Developing a Sense of Humour
Some might say that a sense of humour is inbred. It can’t be learnt. But how then would you explain the fact that children have to learn about jokes, especially word play?
Since learning about humour is a part of language development and learning, it follows that one’s sense of humour can be further developed as an adult.
This may be particularly important if you now feel that what you have learned to find funny over time may not be appropriate.
When I was a child, I spoke as a child, I understood as a child, I thought as a child; but when I became a man, I put away childish things.
The Bible, 1 Corinthians 13:11
A Sense of Humour
Our ancestors believed that our body was made up of four fluids or ‘humours’. The balance of the humours determined our temperaments.
For example, those who got angry easily were thought to have more choler, and calm people had more phlegm.
The word ‘humour’ therefore came to mean ‘disposition’, hence ‘good-humoured’. It’s not clear when it began to be used for a sense of the ridiculous, but there’s no doubt that, for most of us, ‘having a sense of humour’ means being ready to be amused and to be amusing.
It’s a very human trait, and one that we obviously value highly. Why else would ‘GSOH’ or ‘good sense of humour’ feature so highly in dating advertisements that it’s become a cliché?
But what does it really mean in practice?
Having a good sense of humour is, like Friendliness and Civility, one of the great oilers of the wheels of social interaction. Amusing people, and those who are ready to be amused by others, are pleasant to be around.
But there’s one aspect that’s more important, and that’s the nature of ‘good’ when attached to ‘sense of humour’. Our page on learning to use your moral compass discusses the idea of ‘goodness’, and the same principles apply here.
People with a ‘good’ sense of humour are pleasant in their amusement. They can take a joke against themselves, and they don’t find amusement in others’ misfortunes or in hurtful things. If someone tells a joke that’s inappropriate, they are not sanctimonious or judgemental but they do know how to make clear that it’s not right.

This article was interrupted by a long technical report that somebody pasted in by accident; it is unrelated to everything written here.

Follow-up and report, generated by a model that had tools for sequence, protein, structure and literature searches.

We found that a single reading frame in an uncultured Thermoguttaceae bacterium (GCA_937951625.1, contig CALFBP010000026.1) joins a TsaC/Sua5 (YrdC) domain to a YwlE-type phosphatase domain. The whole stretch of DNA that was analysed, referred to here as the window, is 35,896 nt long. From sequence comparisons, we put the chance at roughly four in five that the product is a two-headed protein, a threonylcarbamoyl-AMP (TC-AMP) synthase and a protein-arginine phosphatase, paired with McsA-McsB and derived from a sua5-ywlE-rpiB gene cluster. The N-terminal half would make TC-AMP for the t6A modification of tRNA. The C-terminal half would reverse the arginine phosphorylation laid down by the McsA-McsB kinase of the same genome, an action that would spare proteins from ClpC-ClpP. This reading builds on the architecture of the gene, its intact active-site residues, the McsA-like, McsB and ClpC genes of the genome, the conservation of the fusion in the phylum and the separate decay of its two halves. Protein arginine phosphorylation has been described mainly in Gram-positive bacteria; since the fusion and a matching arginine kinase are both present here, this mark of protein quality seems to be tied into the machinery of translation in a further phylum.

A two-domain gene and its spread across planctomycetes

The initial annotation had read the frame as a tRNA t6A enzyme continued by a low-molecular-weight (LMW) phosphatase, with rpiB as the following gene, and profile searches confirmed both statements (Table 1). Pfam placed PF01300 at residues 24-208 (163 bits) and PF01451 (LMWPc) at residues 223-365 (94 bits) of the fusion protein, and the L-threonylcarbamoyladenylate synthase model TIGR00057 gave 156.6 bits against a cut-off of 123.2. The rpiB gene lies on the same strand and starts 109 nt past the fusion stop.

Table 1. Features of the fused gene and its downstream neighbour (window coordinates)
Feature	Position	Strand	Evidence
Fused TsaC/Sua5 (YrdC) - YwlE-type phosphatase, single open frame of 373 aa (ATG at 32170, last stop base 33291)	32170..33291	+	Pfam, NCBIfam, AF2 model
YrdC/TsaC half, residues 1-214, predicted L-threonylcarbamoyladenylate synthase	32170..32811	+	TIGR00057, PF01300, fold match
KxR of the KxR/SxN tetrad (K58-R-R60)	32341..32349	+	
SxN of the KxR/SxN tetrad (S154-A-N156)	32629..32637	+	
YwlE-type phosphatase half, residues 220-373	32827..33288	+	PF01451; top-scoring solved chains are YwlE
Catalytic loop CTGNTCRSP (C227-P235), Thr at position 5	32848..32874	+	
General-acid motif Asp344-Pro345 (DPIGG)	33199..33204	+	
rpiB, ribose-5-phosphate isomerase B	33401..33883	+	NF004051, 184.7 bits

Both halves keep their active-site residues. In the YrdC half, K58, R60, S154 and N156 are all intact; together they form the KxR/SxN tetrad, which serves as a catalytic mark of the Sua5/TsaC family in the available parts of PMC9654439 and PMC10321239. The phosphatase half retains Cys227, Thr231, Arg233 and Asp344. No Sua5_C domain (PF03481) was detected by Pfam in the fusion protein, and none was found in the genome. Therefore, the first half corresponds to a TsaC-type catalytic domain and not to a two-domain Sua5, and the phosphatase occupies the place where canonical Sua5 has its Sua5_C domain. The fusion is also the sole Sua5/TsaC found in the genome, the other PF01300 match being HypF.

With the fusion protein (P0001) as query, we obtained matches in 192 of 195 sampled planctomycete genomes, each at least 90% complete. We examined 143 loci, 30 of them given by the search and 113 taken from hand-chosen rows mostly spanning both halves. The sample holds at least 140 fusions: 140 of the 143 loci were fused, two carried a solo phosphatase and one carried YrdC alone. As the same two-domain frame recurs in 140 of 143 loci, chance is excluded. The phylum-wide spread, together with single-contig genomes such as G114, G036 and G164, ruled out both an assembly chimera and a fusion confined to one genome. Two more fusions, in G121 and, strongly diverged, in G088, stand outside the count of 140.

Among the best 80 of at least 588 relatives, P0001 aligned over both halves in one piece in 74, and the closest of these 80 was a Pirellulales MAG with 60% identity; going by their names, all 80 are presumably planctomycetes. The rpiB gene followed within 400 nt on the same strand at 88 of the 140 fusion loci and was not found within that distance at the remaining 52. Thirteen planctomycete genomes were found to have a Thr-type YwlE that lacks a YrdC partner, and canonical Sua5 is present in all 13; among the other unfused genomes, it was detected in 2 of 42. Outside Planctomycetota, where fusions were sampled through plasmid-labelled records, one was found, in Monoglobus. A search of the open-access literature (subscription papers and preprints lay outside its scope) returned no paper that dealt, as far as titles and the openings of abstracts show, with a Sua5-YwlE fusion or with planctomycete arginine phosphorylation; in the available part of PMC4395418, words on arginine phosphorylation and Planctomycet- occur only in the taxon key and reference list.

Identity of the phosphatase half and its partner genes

They challenge jokes that are in bad taste, but in a way that is acceptable to others or tactful.
The Benefits of a Good Sense of Humour
Humour is a great leveller. It is almost impossible to remain angry with someone who is making you laugh, even if it’s your child and they’ve done something really naughty.
Once you allow yourself to see the funny side, you will soon be laughing with them. Finding the same things funny also seems to be one of the strongest bases for lasting friendships.
Laughter is not at all a bad beginning for a friendship, and it is far the best ending for one.
Laughing together promotes warmth of feeling and helps people to feel good. Even in the very worst of times, laughter can make people feel better. You may have heard people say that they didn’t know whether to laugh or cry: the two are very close, but laughing feels so much better and is much more positive.
This may be the origin of the phrase ‘gallows’ humour’, the idea that even a condemned man could enjoy a joke. It was, perhaps, taken to extremes by Monty Python in the film Life of Brian but maybe they had a point about ‘looking on the bright side’.
However laughter and humour also have other, equally valuable purposes.
Make criticism more palatable. With humour, rather than anger and harsh words, the sense of the words can be taken on board without offence.